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anses

French Agency for Food, Environmental and Occupational Health & Safety

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Updated on 04/08/2016

Natural outcrops of asbestos

Current knowledge on exposure, health risks and management practices in France and abroad

Keywords : Asbestos, Mesothelioma

Natural asbestos is found in France around rocky outcrops for example in the Haute-Corse département and in New Caledonia. Through erosion or specific earthworks, these outcrops can become a source of exposure to asbestos fibres, with the associated health risks. In order to assess these risks, the Agency evaluated the situation and published a report in November 2010.

Natural asbestos is found in France around certain rocky outcrops including some in the Haute-Corse département and in New Caledonia. Through erosion or specific earthworks occurring during construction, roadwork and infrastructure development, these outcrops can become a source of exposure to asbestos fibres, with the associated health risks. In December 2007, ANSES received a formal request from its supervisory ministries calling for:

  • a critical literature review on studies carried out in France and internationally concerning epidemiology, measurement and evaluation of exposure around these asbestos-bearing areas;
  • a study on practices adopted in other countries confronted with this issue in order to help local decision-makers and risk managers define concrete prevention measures suitable for this type of asbestos exposure.

For this topic which was not the subject of risk assessment, ANSES conducted an internal expert appraisal.

Results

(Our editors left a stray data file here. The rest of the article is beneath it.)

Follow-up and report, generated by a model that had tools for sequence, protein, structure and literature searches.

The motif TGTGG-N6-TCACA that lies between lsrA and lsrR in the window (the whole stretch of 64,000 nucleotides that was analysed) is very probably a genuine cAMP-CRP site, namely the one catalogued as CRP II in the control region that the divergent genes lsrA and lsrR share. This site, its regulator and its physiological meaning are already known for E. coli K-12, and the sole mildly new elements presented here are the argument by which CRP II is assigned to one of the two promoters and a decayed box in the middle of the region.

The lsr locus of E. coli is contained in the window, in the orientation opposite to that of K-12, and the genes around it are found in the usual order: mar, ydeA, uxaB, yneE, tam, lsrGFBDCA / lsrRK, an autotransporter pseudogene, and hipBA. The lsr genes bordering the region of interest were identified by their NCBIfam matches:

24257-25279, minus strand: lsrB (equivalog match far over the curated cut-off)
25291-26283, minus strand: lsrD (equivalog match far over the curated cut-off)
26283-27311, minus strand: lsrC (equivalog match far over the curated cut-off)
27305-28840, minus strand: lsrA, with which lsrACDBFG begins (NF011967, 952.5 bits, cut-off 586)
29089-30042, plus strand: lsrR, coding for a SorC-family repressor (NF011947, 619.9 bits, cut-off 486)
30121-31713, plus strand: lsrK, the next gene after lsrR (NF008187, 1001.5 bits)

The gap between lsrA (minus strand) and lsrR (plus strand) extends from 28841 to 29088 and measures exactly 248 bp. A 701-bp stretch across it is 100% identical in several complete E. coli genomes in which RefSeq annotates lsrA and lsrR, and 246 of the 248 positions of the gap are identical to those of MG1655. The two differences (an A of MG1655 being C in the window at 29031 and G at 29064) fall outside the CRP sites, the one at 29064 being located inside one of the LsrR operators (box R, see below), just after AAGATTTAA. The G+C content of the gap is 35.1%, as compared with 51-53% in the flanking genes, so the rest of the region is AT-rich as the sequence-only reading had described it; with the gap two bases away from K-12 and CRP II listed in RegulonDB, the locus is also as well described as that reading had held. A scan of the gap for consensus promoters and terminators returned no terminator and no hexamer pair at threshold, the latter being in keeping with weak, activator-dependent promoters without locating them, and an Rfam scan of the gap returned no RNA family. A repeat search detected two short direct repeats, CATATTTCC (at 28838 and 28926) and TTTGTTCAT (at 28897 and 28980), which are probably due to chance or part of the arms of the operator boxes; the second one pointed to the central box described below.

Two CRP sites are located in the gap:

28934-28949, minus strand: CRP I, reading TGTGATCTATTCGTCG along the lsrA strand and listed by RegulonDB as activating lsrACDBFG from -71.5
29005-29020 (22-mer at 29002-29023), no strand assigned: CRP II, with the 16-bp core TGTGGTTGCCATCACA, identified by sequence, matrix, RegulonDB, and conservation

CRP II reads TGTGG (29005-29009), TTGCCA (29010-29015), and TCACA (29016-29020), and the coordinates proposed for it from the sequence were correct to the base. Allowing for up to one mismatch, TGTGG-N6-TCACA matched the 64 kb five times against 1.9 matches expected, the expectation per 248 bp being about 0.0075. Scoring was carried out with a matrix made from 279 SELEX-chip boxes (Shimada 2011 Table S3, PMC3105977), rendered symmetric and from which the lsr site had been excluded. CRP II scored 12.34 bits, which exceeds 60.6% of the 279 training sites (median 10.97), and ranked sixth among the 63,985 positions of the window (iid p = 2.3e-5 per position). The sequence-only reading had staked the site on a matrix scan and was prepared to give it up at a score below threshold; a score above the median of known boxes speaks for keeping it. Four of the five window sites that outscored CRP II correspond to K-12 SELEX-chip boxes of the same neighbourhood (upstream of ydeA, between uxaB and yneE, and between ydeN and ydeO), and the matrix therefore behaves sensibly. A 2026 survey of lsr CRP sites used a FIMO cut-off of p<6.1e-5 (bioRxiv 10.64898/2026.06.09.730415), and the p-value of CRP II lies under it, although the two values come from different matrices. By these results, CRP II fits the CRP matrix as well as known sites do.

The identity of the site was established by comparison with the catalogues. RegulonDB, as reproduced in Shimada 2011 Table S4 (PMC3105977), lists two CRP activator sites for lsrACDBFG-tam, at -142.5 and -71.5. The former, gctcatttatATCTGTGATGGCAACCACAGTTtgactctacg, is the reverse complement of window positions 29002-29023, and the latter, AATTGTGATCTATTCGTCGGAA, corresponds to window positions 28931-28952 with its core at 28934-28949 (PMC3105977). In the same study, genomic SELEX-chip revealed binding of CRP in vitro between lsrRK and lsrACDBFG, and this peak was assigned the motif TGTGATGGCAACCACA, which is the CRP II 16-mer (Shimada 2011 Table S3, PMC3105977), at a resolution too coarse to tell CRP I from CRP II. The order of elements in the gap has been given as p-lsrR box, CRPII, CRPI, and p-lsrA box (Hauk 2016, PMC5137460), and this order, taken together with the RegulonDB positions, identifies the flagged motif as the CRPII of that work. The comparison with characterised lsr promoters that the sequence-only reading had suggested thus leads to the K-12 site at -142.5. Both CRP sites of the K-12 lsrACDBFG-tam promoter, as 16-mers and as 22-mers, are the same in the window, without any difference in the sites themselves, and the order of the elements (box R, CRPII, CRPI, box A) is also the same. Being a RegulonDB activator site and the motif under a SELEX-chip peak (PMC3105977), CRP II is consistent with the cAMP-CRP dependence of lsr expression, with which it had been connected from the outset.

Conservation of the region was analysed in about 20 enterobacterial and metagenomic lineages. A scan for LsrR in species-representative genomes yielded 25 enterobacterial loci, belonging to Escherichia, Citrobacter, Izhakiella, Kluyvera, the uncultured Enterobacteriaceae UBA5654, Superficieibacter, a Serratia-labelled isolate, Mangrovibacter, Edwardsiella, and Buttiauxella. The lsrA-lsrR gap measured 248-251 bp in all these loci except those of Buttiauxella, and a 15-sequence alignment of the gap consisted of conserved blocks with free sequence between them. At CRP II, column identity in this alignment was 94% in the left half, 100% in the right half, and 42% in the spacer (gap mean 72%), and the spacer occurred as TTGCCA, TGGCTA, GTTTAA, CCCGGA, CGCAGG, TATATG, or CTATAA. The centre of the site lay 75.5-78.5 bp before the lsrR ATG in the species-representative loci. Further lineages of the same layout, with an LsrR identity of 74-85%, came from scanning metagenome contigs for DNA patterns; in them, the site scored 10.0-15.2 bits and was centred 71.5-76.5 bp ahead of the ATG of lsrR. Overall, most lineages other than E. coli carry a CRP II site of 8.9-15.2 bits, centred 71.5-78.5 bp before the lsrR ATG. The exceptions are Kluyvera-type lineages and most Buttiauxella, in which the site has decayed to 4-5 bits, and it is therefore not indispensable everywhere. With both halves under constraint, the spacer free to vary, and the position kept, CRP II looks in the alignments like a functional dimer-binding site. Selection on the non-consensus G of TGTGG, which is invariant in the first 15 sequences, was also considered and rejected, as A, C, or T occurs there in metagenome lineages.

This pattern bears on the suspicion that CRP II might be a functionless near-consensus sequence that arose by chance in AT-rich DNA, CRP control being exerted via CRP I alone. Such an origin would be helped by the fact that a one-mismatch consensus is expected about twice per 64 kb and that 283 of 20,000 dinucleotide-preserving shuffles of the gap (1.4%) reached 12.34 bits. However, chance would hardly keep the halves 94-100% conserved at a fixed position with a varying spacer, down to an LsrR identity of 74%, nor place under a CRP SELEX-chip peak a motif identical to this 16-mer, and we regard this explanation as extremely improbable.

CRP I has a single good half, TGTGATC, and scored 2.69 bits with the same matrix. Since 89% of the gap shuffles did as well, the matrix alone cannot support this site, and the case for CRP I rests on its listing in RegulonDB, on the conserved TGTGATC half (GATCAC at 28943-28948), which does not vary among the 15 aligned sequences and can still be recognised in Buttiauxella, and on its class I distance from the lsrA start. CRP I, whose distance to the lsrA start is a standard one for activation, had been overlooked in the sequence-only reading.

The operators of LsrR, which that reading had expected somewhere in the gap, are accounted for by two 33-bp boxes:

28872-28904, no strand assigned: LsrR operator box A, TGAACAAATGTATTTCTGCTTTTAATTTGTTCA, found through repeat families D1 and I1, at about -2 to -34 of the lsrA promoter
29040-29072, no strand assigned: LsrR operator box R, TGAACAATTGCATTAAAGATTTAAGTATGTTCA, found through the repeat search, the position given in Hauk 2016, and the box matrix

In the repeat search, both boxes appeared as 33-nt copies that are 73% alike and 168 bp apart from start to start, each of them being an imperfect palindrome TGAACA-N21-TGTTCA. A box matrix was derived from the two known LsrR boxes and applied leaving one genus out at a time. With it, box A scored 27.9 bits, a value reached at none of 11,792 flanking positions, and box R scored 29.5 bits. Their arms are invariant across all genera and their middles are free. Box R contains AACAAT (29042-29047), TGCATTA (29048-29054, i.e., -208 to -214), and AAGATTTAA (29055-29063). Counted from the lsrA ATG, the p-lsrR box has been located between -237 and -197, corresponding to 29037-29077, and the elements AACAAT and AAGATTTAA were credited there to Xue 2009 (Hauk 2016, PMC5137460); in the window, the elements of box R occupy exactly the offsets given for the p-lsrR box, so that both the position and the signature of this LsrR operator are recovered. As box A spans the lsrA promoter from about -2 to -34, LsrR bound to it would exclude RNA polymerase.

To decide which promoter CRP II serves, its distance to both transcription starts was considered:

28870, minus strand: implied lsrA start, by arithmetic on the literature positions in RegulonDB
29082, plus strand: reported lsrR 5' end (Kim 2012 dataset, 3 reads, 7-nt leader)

The report published by ANSES provides a summary of the knowledge available on measurement and evaluation of population exposure and health effects. It also presents a review of management practices for asbestos outcrops in France or in other parts of the world.

Available evidence from the scientific studies assessed shows that there is a risk to local populations and workers when asbestos-bearing rock is moved or used.

A review of management practices showed that certain measures are standard but that they are applied in different ways from one country to another (inclusion in urban planning, control of open-air work, management of excavated material, etc.). The report demonstrated that local management initiatives, particularly in France, are effective and could be implemented in other regions faced with similar risks.

Based on this review, ANSES recommends various ways of improving and supplementing current management practices, specifically to reinforce protection of populations exposed to earthworks on land where asbestos is found. These recommendations should assist decision-makers and risk managers in enhancing or defining measures suitable for the specific conditions found in France and for the exposure situations found on asbestos-bearing land.